Now let's move on from that to understanding that basic implication. I want to give you some level of comfort with the manuscripts that we have, the existing manuscripts of the Scripture. First of all, let's consider the number of existing manuscripts. I think you probably know this, but we have more manuscript copies of the Bible than any other ancient document. Take the Old Testament, for example. We have 3000 manuscripts of the Hebrew Old Testament and we have 1500 of the Septuagint, which is of course the Greek translation of the Hebrew Old Testament that was translated before Christ. That's the Old Testament. What about the New Testament? Well, in the case of the New Testament, we have 25,000 manuscripts of the New Testament. Now if that doesn't impress you, then compare that to the second largest number of manuscripts that we have of an ancient document; it's Homer's Iliad and we only have 643 copies of it. And yet, which of your professors in college doubted the authenticity of Homer's Iliad.

Now that 25,000 manuscripts of the New Testament includes this. First of all, it includes actual Greek manuscripts. In other words, copies that were translated or excuse me, copies that were made in the Greek language from existing copies in Greek - we have more than 5700 Greek manuscripts of the New Testament. Again, make a comparison. Compare that to less than 20 each for the majority of the classical Greek and Roman works. The Greek text of the New Testament is constructed from manuscripts that date from 125 AD to about 1200 AD. That's the range, most of them concentrated earlier. Now some of these manuscripts are as small as a postage stamp, just a little fragment of a manuscript. Others are complete manuscripts of the entire New Testament and everything in between. So, we have this huge body of manuscripts of the New [correction: Old] Testament - 3000 of the Old, 1500 of the Septuagint. And in the New Testament with Greek manuscripts - more than 5700 of them. In addition, that 25,000 is made up of early translations from Greek into Latin into Syriac and into Coptic. And we have more than 19,000 copies of those early translations. A third way that that 25,000 is broken down is - and this really sends it way over the top, this is really beyond the 25,000 - we have quotations of Scripture within the writings of the early church fathers that number over a million quotations. In fact, just the quotations - if you went back and you looked at the early 100s after the resurrection of Christ and after the New Testament age, just the quotations from the early church fathers are extensive enough that we could reconstruct almost the entire New Testament from their quotations. One scholar has estimated that if all the copies of the New Testament had been burned at the end of the 3rd century, we would have all of the New Testament except for 11 verses just by reconstructing it from the quotations from the early church fathers. So, when we look at the thousands of manuscripts of the Old and New Testament that have been preserved, preserved for us to look at, we can have confidence that the meaning of the Scripture has been preserved. Our English Bibles were translated from a synthesis of those ancient Greek and Hebrew manuscripts.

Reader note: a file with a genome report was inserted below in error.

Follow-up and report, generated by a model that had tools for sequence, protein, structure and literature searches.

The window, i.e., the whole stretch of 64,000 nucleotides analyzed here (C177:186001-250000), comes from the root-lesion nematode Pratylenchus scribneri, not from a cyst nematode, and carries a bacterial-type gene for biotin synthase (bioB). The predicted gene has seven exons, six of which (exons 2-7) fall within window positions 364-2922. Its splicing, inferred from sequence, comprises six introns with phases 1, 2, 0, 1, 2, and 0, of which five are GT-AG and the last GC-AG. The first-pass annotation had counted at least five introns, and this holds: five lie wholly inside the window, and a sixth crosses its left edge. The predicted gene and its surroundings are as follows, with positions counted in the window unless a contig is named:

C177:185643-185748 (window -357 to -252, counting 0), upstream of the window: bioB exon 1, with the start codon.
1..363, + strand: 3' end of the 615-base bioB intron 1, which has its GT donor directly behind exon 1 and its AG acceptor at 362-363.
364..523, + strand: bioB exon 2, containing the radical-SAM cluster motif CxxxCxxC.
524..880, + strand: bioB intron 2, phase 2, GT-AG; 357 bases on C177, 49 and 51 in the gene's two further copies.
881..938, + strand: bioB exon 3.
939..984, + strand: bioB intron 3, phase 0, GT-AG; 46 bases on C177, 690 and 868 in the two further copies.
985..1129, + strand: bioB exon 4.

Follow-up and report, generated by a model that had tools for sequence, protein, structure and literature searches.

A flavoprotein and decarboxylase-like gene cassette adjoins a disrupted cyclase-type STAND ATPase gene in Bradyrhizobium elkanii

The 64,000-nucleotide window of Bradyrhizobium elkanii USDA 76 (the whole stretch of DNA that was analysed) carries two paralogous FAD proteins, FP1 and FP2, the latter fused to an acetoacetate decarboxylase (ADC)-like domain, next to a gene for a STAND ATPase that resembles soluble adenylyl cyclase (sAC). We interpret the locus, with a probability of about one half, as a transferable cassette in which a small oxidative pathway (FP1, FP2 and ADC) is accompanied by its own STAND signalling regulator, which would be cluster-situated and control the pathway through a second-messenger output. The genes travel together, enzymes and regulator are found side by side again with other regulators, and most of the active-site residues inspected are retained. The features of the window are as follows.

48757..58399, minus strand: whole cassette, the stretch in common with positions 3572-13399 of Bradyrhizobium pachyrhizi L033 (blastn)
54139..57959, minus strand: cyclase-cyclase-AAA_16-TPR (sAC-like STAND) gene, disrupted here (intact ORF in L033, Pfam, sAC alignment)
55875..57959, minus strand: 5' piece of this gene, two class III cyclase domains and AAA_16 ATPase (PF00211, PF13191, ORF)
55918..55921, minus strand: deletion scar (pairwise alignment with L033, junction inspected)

Now you might be sitting there thinking, "Well yeah, Tom, you're talking about the number of manuscripts, but maybe those are like late manuscripts." That isn't true. Let's look at the dates of the existing manuscripts. In addition to the sheer number of manuscripts, it is equally remarkable how soon after the original documents were written that the surviving manuscripts we have were copied. Again, when you look at other ancient documents, you find that there's often a large gap between when the originals were written and when the surviving manuscripts were made. In the case of the biblical documents, the biblical manuscripts date closer to the original autographs and the events they document than any other ancient document. For example, again, the case of the Iliad - we have the most copies of it but the time gap between the original writing and the earliest manuscript we possess of the Iliad is a time gap of 400 years. Now think about that for a moment. Think about if we had a document that was written 400 years ago - that a copy was made today of that document written 400 years ago. You might assume maybe there's some chance that some degradation in the document has taken place, that somehow the truth of it has been lost, that it's been distorted in some way. 400 years. Well, the earliest manuscripts we have of most of the classic Greek and Roman works, were copied 700 to 1400 years after the originals were written. What about the New Testament? Well, in the case of the New Testament, we have a fragment of John's gospel. I've actually seen it, the Rylands papyrus, that dates to about 25 years after John wrote his gospel. That's unbelievable in terms of ancient documents. We have copies of complete New Testament books within 100 years of the original and we have complete manuscripts of all of the books of the New Testament within 150 years of the originals. Compare those years. The Bible, at the outside, the New Testament, at the outside - we're looking at 150 years; the Iliad 400 years. And that's second place.